eLearning news & guides
Covered in this course
The Manual Handling including Tyres Training course is broken down into 5 sections.
1) You and Your Back
In this section we look at how our backs work and how poor Manual Handling technique can cause and contribute to illness and injury.
What is the LITE procedure?
LITE stands for Load, Individual, Task, Environment. These four things are all important whenever you prepare to lift or move a load. You must assess the potential problems before you start!
3) Manual Handling
This section contains step-by-step guides to safe lifting, including lifting from the floor, lifting from waist height, team lifts and pushing and pulling.
4) Moving and Lifting TYRES
This is the specialised section, specifically added to cover lifting and moving tyres. It includes small tyres, large tyres and tractor tyres, 2-man lifts and team lifts.
This is the final slide before the test. It summarises the training and emphasises that it doesn't matter where you lift - it could be at work, it could be while you're out somewhere, it could be while you're at home - but wherever you are you need to put proper lifting techniques into practice, or you risk seriously damaging your back!
Manual Handling (Inc Tyres) Certificate
Each of our courses ends with a multiple choice test to measure your knowledge of the material.
This Manual Handling including Tyres Training course concludes with a 20 question multiple choice test with a printable certificate. In addition, brief in-course questionnaires guide the user through the sections of the training and are designed to reinforce learning and ensure maximum user engagement throughout.
As well as printable user certificates, training progress and results are all stored centrally in your LMS (Learning Management System) and can be accessed any time to reprint certificates, check and set pass marks and act as proof of a commitment to ongoing legal compliance.
What does my certificate include?
Your Manual Handling Including Tyres Certificate includes your name, company name (if applicable), name of course taken, pass percentage, date of completion, expiry date and stamps of approval or accreditations by recognised authorities.
Real user reviews
Based on 13 real user reviews.
42 minutes in 47 chunks, and for each chunk I had to both click next and then play. Doesn't do much for keeping attention up - just concentrating on clicking next, move mouse and click play, then repeat... Content ok though
No summary provided
Informative but less questions
No summary provided
the course was interesting,I enjoyed it
This is a very useful and informative course, it not only helps out at work but in your personal life also. The information is clear and memorable, then the test is easy and has a little sense of humour too.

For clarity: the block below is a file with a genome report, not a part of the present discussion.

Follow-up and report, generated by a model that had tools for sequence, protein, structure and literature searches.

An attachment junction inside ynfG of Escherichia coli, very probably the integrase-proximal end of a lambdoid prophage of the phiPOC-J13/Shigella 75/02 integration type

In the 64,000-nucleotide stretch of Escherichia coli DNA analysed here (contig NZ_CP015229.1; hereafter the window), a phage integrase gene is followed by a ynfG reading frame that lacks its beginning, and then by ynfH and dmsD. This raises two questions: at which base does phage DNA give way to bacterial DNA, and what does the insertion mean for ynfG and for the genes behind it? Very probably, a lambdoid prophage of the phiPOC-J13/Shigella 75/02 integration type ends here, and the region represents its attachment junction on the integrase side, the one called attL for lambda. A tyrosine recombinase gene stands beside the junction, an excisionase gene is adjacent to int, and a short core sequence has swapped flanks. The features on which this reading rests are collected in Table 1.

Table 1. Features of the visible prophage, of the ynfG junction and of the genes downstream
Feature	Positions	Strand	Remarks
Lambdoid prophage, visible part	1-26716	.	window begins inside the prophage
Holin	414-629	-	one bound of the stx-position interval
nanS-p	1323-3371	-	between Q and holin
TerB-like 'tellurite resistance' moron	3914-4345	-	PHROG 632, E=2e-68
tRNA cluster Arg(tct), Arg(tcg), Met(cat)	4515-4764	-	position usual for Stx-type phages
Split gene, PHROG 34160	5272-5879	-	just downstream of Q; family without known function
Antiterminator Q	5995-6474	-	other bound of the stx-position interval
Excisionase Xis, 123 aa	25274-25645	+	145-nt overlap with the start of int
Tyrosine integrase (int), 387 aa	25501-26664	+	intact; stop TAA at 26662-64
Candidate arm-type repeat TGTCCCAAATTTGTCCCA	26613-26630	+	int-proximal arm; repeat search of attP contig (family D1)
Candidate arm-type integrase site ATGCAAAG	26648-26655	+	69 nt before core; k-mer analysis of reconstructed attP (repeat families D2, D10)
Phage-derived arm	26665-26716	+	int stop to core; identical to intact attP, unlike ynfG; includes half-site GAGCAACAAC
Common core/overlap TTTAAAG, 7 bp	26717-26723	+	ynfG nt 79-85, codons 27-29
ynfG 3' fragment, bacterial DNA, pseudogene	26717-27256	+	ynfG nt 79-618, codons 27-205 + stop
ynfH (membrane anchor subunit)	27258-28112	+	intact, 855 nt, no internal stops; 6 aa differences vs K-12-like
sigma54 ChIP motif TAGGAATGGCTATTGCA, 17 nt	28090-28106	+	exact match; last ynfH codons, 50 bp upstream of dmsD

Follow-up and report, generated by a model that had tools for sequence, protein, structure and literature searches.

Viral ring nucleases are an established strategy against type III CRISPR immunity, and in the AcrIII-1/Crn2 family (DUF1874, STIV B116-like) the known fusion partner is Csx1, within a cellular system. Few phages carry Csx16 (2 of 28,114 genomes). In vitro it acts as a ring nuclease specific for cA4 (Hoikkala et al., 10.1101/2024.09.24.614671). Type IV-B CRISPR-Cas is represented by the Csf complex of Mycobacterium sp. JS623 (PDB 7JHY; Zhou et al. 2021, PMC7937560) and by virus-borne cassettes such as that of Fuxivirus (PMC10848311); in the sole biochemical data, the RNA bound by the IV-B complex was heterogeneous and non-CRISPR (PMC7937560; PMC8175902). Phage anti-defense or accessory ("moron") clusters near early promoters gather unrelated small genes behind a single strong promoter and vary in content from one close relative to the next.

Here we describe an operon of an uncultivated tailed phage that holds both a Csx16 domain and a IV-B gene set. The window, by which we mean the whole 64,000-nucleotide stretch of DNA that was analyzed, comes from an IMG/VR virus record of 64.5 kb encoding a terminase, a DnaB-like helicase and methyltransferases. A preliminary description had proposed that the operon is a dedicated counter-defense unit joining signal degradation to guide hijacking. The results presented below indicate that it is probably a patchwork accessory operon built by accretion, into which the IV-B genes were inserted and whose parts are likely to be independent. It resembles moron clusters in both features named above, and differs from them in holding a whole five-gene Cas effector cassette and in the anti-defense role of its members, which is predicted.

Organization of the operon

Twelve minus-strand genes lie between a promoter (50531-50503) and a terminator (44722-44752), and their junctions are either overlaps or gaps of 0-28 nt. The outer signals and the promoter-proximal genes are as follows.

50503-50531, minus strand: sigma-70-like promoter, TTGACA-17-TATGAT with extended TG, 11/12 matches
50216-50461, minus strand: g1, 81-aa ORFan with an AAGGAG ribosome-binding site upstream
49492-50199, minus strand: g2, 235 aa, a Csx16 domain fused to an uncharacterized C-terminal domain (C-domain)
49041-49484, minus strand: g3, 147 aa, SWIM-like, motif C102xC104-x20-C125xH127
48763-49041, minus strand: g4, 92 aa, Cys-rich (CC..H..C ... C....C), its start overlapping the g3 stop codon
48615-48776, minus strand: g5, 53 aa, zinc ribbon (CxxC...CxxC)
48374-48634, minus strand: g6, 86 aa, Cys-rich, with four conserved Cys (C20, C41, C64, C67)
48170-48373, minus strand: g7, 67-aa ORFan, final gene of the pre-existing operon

No summary provided
A little too long / time consuming.
Legislation relating to Manual Handling Including Tyres
It's important that you comply with the law and know the ways in which it affects you and the way you work. Take a look at relevant legislation below.
What are The Manual Handling Operations Regulations 1992?
The Manual Handling Operations Regulations 1992 or MHOR defines manual handling as "Any transporting or supporting of a load by hand or bodily force", this also includes lifting, pushing, putting down, pulling and carrying. They are a set of regulations designed to reduce the risk of injury to workers when manual handling by as much as possible.
The regulations also set out clear measures for dealing with risks when involved in manual handling, these are:
- Wherever possible, avoid hazardous manual handling operations
- If a hazardous situation can't be avoided, assess the situation and
- Reduce the risk of injury as much as possible
Council Directive 90/269/EEC of 29th May 1990 on the minimum health and safety requirements for the manual handling of loads where there is a risk particularly of back injury to workers.
Employers must ensure that workers receive proper training and information on how to handle loads correctly, and the risks they might be open to - particularly if these tasks are not performed correctly
The HSE suggests that, in general, manual handling courses should be suitable for the individual, tasks and environment involved; and are likely to include advice on:
- Manual handling risk factors and how injuries can occur;
- How to carry out safe manual handling, including good handling technique;
- Appropriate systems of work for the individual's task and environment;
- Use of mechanical aids;
It is important to emphasise that the training contained in this programme is invaluable not only in the workplace itself but for general everyday use outside the workplace too. After all if a member of staff injures their back no matter where they are they may need time off work and it may affect their general fitness in the short or long term.